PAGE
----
Graeme's Scalextric Site
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I started collecting Scalextric cars and track in my early teens, not long after acquiring a paper round and started earning my own money. A distant cousin had a set, and after visting him a couple of times, and then seeing a set in the newsagent where I worked, made me determined to save up and buy one. This would have been around 1970, it cost about $18.00 (a lot back then!) and was just a basic oval with two R.E. Offenhouser cars. (Unfortunately, I don't have the bodies anymore, more's the shame, as they could have been worth a bit by now.)

I was slowly able to build it up, through Birthday and Christmas presents initially, and eventually with my own money that I saved. I also started to teach myself how to take the cars apart and put them back together again, which meant that I was able to repair them myself as they got older, worn out and eventually broke down.

I also started playing around with the bodies. Initially I used old airfix models, ripping out the chassis, and clipping it to the Offenhauser bodies (which needed a little paring down to make them fit). Eventually I found a store that would actaully order the Scalextric bodies for me, and the first one I got was a Lamborghini Muira (C17), complete with guide pin. It was then quite an easy task for me to take the running gear from one Offenhauser and install it on the Lamborghini. Unfortunately, that store closed down or changed hands shortly after, and that was the last time I was able to buy a brand new Scalextric body.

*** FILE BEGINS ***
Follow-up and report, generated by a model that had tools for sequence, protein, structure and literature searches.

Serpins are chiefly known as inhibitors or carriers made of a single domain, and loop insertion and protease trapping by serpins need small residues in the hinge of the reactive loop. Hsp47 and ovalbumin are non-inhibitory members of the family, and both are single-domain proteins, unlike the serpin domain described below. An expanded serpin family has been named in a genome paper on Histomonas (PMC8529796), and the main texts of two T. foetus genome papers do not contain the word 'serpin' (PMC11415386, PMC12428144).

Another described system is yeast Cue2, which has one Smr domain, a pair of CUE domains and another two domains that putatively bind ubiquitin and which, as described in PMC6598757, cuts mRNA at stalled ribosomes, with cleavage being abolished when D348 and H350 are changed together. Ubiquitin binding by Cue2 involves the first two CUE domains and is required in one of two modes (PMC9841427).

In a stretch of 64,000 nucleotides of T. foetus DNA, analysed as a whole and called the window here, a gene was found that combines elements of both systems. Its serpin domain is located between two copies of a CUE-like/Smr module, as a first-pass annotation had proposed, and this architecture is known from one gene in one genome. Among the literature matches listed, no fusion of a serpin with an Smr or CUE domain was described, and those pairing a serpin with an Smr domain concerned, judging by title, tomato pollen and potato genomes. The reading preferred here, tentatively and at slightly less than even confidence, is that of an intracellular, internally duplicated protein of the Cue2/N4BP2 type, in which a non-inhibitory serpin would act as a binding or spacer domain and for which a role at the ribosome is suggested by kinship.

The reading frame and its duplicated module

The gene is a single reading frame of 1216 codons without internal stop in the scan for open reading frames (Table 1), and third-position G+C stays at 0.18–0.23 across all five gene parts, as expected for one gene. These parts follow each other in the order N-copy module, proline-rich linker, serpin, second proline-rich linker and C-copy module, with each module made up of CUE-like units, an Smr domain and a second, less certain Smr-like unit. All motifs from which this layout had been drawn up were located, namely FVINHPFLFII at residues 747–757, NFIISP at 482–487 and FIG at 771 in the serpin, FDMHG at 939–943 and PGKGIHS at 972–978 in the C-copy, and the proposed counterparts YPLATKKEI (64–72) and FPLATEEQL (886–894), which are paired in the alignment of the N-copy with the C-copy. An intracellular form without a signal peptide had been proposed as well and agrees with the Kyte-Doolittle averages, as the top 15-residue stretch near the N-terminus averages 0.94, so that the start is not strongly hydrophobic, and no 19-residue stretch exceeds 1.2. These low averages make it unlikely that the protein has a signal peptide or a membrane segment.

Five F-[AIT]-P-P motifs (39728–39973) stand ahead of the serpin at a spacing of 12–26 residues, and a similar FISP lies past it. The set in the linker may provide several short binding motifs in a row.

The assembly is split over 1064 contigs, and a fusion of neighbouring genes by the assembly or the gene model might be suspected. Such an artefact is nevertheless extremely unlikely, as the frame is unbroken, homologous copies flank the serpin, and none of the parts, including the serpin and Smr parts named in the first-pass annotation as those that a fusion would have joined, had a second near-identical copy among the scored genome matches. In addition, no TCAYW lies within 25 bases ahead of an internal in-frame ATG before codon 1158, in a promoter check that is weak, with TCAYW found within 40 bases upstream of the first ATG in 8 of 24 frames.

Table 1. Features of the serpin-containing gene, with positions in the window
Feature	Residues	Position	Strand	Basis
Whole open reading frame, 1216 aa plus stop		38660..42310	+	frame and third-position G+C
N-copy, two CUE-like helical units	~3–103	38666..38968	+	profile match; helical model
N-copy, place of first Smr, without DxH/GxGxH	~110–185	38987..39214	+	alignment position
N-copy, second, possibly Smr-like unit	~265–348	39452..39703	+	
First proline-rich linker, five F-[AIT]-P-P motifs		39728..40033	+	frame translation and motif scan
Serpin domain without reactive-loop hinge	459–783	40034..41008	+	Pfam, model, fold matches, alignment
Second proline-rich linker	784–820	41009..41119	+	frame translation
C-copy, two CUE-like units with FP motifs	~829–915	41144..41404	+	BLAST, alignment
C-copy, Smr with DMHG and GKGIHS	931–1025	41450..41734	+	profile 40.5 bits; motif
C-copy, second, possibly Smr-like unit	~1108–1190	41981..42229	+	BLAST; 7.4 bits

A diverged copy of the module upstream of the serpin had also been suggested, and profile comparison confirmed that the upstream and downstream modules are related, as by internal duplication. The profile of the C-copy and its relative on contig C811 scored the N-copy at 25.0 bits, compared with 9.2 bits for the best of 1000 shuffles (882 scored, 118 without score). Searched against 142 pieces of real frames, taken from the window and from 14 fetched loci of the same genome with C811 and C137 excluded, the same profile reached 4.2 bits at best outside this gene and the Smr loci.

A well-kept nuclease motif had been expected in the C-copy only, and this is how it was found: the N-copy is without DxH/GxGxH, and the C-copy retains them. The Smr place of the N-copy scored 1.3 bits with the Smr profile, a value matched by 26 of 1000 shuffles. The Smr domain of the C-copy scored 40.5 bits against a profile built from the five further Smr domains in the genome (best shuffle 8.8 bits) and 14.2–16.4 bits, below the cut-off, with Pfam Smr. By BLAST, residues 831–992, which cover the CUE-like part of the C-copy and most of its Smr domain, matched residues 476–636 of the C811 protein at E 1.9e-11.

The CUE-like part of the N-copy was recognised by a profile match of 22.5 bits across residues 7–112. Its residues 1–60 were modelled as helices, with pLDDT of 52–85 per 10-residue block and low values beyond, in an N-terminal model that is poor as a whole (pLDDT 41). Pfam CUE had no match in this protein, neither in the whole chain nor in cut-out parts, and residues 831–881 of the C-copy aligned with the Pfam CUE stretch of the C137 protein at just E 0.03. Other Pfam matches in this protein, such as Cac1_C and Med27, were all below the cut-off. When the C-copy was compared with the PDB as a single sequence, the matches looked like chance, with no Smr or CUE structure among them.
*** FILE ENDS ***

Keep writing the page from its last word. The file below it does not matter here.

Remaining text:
My next purchase was a complete car, the Ferrari P4 (C16). Unfortunately, I did not run it in very well (I was still quite young at this stage, and didn't really understand how to do it properly. Also, the car initally would only run when full power was applied. (I eventually learned the technique of lifting the rear wheels off the ground while running it in.) However, this was no big deal to me, as I simply swapped over the motor from the remaining Offenhauser. (I never liked those bodies anyway!)

I then had the fortune to meet a fellow Scalextric enthusiast, through friends at my Tennis club. We began to combine our sets on a regular basis to set up really big tracks. He had quite a few cars, mainly Rally and F1 style, while I had the GT style, and the more interesting track pieces, such as a pit stop and chicanes. We then started to combine our buying power, and as well as buying new stuff, also found a good source of second hand stuff in the Melbourne Trading Post. We managed to pick up quite a few bargains in there, including some very rare cars (such as my C22 Porsche 917 and a Ford 3L), that were in various stages of disrepair. However, between the two of us, we were soon able to repair, rebuild or combine cars and get them fully operational and looking good as well.

Around that time we also started playing around with the colours, as many cars only came in the one colour. We resprayed quite a few cars, some sensibly, some not so sensibly, but it was all in fun. One big lesson I learned here was to use enamel spray paint, not plastic, as enamel is easily removed, using oven cleaner. Plastic paint has to be sanded off, as most paint strippers for plastic paint may also damage the plastic bodies as well.